The Deputy President said this was significant to skills development as Vietnam is world renowned for ship building around.
He said this on Wednesday when he appeared at the National Assembly for his last question and answer session for the year.
He had been asked if whether, in light of his recent working visit to Vietnam and Singapore, and given the fact that Vietnam is ranked number five in shipbuilding, there is a possibility that South African youth who show potential could be sent to Vietnam for skills training in shipbuilding.
Haiphong has been long viewed as a cradle of the Vietnamese ship building industry over a number of years, the Deputy President said.
“The Vietnamese have made significant progress in building their oceans economy, in particular, the ship building part and their aquaculture.
“Currently, there are six South African students studying Maritime Economic Studies at the Maritime University in Haiphong.
“These students are studying there under scholarships that were granted by the Vietnamese government.
“In my discussions with the Vietnamese Vice President, I asked him about the possibility of Vietnam increasing the basket of courses that are offered within the Maritime discipline and also to increase the number of students who are studying at the Maritime University and the response from the Vietnamese was very positive and our Department of International Relations and Cooperation has already been informed that additional scholarships will be offered to South African students next year,” he said.
The Deputy President also said that what was also important was the fact that the Unisa School of Governance, which accompanied him during his visit to the Socialist Republic of Vietnam on October 4, signed a memorandum of understanding on cooperation with the Ho Chi Minh Political Academy.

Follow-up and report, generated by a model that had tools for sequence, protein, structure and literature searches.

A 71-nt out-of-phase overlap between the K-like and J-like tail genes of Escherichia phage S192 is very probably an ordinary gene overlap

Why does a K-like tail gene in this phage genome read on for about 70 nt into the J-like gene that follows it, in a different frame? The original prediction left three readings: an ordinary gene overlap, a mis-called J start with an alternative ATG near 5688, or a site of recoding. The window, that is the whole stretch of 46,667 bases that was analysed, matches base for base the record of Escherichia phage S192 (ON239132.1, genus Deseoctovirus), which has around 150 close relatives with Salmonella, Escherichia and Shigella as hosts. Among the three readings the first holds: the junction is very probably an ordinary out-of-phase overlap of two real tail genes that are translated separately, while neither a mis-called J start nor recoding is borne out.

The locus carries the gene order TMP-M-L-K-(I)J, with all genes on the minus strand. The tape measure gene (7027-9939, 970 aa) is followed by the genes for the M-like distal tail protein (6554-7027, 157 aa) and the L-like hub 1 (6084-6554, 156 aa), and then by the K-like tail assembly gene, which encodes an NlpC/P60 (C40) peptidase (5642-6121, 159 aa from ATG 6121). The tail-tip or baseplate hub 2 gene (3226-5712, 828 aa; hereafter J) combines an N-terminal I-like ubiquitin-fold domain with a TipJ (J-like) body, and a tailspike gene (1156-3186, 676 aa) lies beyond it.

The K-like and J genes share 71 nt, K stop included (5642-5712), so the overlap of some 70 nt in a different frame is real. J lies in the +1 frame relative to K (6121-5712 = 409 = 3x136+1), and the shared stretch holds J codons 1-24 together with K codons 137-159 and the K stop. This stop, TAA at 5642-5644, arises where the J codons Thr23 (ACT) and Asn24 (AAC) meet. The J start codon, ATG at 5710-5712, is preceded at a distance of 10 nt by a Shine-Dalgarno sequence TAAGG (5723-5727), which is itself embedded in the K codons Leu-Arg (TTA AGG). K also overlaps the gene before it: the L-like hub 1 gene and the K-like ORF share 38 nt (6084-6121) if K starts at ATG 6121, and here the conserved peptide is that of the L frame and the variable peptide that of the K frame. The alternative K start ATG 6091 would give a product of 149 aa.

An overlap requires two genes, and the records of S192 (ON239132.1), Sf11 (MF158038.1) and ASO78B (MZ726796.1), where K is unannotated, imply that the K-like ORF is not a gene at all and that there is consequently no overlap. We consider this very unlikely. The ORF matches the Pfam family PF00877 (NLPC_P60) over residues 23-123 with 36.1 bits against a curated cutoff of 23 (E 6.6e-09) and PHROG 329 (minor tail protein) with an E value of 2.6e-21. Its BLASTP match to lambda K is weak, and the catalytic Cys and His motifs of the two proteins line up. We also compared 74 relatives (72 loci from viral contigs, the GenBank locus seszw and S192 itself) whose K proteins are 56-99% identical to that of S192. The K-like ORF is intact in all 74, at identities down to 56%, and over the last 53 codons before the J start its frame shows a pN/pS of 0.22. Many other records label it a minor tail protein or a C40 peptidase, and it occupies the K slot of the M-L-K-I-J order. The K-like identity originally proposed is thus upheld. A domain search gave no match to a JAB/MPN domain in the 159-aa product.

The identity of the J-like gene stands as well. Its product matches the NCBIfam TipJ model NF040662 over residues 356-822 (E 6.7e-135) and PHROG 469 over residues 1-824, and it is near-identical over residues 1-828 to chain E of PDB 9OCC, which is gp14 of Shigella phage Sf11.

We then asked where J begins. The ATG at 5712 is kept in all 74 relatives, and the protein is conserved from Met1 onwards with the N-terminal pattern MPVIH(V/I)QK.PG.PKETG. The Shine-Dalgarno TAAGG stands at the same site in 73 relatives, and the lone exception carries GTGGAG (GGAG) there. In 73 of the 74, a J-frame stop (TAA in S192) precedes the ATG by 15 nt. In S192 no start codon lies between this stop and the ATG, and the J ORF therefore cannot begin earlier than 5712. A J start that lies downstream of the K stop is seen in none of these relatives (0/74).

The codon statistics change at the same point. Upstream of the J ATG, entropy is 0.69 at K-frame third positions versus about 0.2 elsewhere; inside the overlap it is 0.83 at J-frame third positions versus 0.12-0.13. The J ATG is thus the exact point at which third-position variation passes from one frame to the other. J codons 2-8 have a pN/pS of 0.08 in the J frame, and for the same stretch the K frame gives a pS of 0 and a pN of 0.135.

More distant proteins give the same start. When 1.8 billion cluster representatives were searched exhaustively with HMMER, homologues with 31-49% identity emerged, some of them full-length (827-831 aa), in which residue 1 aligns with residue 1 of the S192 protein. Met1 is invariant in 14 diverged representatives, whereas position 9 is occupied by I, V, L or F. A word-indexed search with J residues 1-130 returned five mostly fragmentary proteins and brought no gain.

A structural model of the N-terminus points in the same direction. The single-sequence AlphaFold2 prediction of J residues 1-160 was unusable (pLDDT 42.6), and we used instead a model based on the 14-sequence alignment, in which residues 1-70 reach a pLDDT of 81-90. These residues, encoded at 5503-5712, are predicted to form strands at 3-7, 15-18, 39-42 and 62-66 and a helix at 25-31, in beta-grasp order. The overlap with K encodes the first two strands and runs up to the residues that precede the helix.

He said it was expected that collaboration between the two institutions will further facilitate efforts to secure trading of South African students in Vietnam.
“Our two countries established a partnership forum in 2004 to facilitate cooperation and that cooperation is going extremely well.
“The students that I met in Vietnam are in high spirits. They are learning and we went with them to the ship building docks and they were able with great ease to tell us how ships are built and how they are participating in that ship building process.
What convinced me is that the more students we can send there to go and learn about ship building, the more we will be able to boost our own oceans economy,” he said.
Trade between South Africa and the Socialist Republic of Vietnam has grown from about half a billion dollars to one and a half billion dollars ever since the two countries signed bilateral agreements.
While trade is currently in favour of Vietnam, the socialist republic is exporting a lot more goods to South Africa from the manufacturing base, while South Africa is exporting a little less from an agricultural base.
Following his trip to Vietnam, the Deputy President paid a visit to Singapore, which he said was a fruitful trip.
“That is precisely how our [Vietnam] trip went, it was a very positive trip and from there, we also went to Singapore and we were able to see how Singapore has become the leading ports authority country in the world and how they are able to utilise just that aspect of their own economy to generate a lot of economic growth.”